October 5

Of the making of alphabetic sentences there is no end, but it must be admitted that it all started with printers. No doubt the first printer’s devil hit upon the scheme in order to learn better the unique arrangement of the earliest type case. The practice was continued with the development of the keyboard operated devices from Dr. Church’s machine to Mergenthaler’s. The writer is reminded of such sentences by running across a little book of them completed on this day in 1950 by two students in the composing room of the School of Printing at the Rochester Institute of Technology.

In this volume, titled The Twenty-six Letters, the sentences are illustrated in several colors by intricate arrangement of ornaments, rules, and assorted dingbats. Naturally enough, the first entry is the most frequently encountered sentence of all, “The quick brown fox jumps over the lazy dog.” Thirty-five letters!

Countless disciples of the Art & Mystery have attempted down the years to accomplish the inclusion of the twenty-six characters of the roman alphabet into a sentence that is both economic and literate—no simple task, if we examine the efforts of some of the most distinguished and gifted practitioners of the craft. The incomparable Bruce Rogers endeavored to reduce the brown fox quip to thirty letters in the beautiful specimen sheet which he designed for Fred Goudy’s Italian Old Style type, in 1923. BR appended the original with “& (doesn’t count) xvj brawny gods flock up to quiz them.” It may be noted that the crafty typographer, just because he was working with Renaissance material, pulled a fast one with that “xvj,” although he said that the quote was from “some lost mythology.” BR also entered the lists in the same text with “Foxy judges track val’ble peach wine,” but it is evident that the muse had left him. While he managed a certain frugality of numbers, he did so at the expense of leaving out two letters, and of course he weaseled with the apostrophe.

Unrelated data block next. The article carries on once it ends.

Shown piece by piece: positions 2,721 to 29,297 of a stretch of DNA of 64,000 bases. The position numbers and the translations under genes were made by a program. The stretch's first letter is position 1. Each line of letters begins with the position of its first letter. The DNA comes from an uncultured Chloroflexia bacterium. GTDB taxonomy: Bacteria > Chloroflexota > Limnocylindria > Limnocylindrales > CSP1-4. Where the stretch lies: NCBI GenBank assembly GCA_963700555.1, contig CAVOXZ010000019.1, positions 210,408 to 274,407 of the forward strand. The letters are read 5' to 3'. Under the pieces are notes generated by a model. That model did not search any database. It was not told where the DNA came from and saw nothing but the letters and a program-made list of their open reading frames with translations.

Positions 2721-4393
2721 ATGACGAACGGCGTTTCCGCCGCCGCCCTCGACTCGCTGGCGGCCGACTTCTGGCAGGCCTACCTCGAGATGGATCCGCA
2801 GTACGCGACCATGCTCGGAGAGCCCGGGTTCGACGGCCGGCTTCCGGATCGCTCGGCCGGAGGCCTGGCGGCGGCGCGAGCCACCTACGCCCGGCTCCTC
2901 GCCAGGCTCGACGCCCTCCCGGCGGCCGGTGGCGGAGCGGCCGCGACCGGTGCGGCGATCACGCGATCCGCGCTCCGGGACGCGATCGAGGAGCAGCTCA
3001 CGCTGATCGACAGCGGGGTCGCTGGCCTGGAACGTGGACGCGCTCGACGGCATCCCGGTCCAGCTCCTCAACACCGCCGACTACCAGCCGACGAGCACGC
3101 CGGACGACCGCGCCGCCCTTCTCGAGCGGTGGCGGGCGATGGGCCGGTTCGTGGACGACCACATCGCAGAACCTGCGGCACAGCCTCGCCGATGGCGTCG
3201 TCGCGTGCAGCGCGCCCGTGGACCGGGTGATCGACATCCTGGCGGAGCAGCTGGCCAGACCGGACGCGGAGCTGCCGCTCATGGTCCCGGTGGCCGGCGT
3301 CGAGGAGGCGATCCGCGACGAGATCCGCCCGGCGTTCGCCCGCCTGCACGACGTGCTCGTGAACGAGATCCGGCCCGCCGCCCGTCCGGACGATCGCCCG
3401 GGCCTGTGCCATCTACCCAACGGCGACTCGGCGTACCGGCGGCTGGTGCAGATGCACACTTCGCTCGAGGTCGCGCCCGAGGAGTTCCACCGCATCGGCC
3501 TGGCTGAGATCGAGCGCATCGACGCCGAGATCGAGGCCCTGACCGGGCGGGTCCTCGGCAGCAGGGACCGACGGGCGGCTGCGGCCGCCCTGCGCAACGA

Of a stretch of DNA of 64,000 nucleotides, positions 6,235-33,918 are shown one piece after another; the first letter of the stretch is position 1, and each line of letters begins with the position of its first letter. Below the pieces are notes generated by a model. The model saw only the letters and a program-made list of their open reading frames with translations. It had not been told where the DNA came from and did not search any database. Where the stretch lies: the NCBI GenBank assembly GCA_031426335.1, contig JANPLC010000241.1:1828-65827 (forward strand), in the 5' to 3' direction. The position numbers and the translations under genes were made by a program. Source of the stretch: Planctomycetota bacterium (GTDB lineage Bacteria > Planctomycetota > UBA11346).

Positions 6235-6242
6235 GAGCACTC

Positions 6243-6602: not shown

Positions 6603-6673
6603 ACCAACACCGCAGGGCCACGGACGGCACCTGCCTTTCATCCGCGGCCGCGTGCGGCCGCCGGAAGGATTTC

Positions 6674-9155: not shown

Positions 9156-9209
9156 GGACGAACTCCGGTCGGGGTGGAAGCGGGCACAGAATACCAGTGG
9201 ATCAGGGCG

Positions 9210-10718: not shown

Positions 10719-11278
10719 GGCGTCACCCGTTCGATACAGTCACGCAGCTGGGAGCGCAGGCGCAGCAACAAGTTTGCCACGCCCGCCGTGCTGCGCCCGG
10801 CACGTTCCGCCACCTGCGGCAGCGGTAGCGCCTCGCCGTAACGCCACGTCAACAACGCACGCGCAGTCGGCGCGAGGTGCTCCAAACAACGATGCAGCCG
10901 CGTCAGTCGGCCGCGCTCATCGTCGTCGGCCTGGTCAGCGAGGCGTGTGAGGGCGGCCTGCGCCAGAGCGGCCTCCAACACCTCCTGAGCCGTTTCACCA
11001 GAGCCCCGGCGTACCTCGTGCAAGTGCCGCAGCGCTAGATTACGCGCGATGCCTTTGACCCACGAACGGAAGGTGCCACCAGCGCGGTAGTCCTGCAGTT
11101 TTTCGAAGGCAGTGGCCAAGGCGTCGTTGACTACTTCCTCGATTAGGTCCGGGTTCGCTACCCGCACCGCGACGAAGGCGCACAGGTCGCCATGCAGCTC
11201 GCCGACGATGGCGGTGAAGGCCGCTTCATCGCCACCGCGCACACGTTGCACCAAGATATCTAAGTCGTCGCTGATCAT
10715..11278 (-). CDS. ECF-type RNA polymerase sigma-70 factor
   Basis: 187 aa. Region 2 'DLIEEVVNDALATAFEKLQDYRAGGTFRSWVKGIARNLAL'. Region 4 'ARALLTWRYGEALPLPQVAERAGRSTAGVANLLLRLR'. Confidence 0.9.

A really noble attempt to achieve par by one Edmund Thompson, resulted in “Quick zephyrs blow vexing daft Jim,” a 29-letter gem which would annoy only a parsing seventh grade English teacher. A printer named Hank Bates reached the zenith in 1941 with, “Frowzy things plumb vex’d Jack Q.” Again the refuge in the apostrophe, and a slight falling from grace with the initial, but admirable prudence in word selection.

Some of the more literate typos have scorned to limit their scope to twenty-six letters, preferring to amuse, if not inform, with their alphabetical prose style. George Trenholm, the genial Boston designer, set a high standard with “Exquisite farm wench gives body jolt to prize stinker,” and “The exodus of jazzy pigeons craved by squeamish walkers.” Trenholm proved his virtuosity with, “Jail zesty vixen who grabbed pay from quack,” a top-drawer performance besides such jaded efforts as, “J.Q. Plow might vex Z.D. Burk’s fancy,” by the believe-it-or-notter Ripley, who only proved that he was not a real printer, but merely a reporter turned cartoonist. But the returns are not all in—we haven’t heard from the computers!

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